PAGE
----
1. I love this post. Thank you.
    I can't tell you the number of smart friends of mine, who think that IVF is about 80% effective (on any given cycle)!!!!!!!!!!! They just have Absolutely NO idea.
    And Part of the problem is that so few people feel able or are willing (for obvious reasons) to share their very difficult stories. (I was recently too scared to like a friend's facebook post on this topic, in case it would draw attention to myself!)
    Also for those without insurance, how many people would want to share that they just gambled 30 000 dollars, got nothing, and are going to do the same again in another month.

  2. I applaud your strength, your resolve, your courage, everything. If only it would guarantee you what you want most... and that is the crappiest/shittiest part.
    There are so many people in your corner cheering you on, supporting you through the ups and downs. I can literally imagine all the wonderful comments when you announce your BFP. Because despite the no guarantee, I truly believe in my heart, you WILL be a mother.

  3. It is so hard to share our infertility with many people. I know that I do not feel that I can tell many. The people with whom I did share my attempts struggled along with me. It became too hard to continue sharing as each attempt became harder for me.

    Because of my job, I did not feel like I could be open about my plans/ attempts. So now I can not even explain about the pain of infertility and why I seem so different.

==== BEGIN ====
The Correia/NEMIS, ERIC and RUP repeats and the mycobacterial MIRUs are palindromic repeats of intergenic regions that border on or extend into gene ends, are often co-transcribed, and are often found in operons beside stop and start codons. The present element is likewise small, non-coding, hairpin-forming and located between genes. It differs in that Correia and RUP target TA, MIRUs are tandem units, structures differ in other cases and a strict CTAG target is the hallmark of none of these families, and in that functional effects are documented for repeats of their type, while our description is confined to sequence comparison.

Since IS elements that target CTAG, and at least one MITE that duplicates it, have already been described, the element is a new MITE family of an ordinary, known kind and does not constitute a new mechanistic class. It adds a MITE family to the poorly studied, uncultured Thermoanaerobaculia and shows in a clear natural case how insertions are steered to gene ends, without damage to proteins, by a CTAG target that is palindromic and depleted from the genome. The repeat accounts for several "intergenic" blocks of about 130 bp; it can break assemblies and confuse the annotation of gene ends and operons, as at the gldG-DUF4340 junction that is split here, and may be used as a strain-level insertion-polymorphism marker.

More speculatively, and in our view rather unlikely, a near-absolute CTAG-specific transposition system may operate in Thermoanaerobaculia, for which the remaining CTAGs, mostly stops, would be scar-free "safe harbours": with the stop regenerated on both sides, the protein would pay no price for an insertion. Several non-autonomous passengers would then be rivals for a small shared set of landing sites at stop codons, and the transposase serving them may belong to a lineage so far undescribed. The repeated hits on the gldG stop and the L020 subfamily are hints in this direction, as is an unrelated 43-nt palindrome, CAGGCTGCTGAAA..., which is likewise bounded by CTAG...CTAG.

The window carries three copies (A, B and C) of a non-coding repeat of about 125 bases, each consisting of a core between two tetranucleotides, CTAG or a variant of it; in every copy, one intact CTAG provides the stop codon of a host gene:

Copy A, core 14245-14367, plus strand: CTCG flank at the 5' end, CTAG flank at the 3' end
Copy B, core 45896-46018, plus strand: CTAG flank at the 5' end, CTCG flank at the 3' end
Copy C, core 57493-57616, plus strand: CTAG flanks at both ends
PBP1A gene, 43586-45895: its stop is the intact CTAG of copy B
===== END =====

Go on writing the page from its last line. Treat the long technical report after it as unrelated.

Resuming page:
I wish more people understood the pain. People mean well when they say I just need more time, etc. How can I explain the struggle, its effects on me, and the cost-prohibitive invasive procedures? But at the same time, I am so tired of being the "downer" in a group.

  4. I've shared my process with only a few close friends. I am sure people are work are gossiping up a storm due to all the time I take off work but I don't care. Yay for least the threat of a lawsuit will keep their mouths shut and no one dares come out and ask me directly.

    Even with my friends this has caused some issue, with those who crossed to the other side and those who never had to struggle in the first place.

    It's hard for me to even comprehend the pain and struggle this has been. Although I wish I had a partner, I'm not quite sure the pain would be any less. Sharing it would not diminish it.

    Great post!

  5. Great post! As I head into my first IVF cycle (after all those failed IUIs) I am all too well aware that my statistical chance of success is only 20%. Some people just have no idea. I'm really sorry that you haven't yet succeeded in your quest to be a mom, but I am really pleased to hear that you won't give up! xx

  6. I think the shift from a kind of "social" infertility (being single) to a real fertility diagnosis is really difficult. Even after 2.5 years of treatment, my main diagnosis at the RE's office was, laughably, "male factor," which she uses whenever donor sperm is involved. Cycles off were incredibly difficult for me, too; thinking of you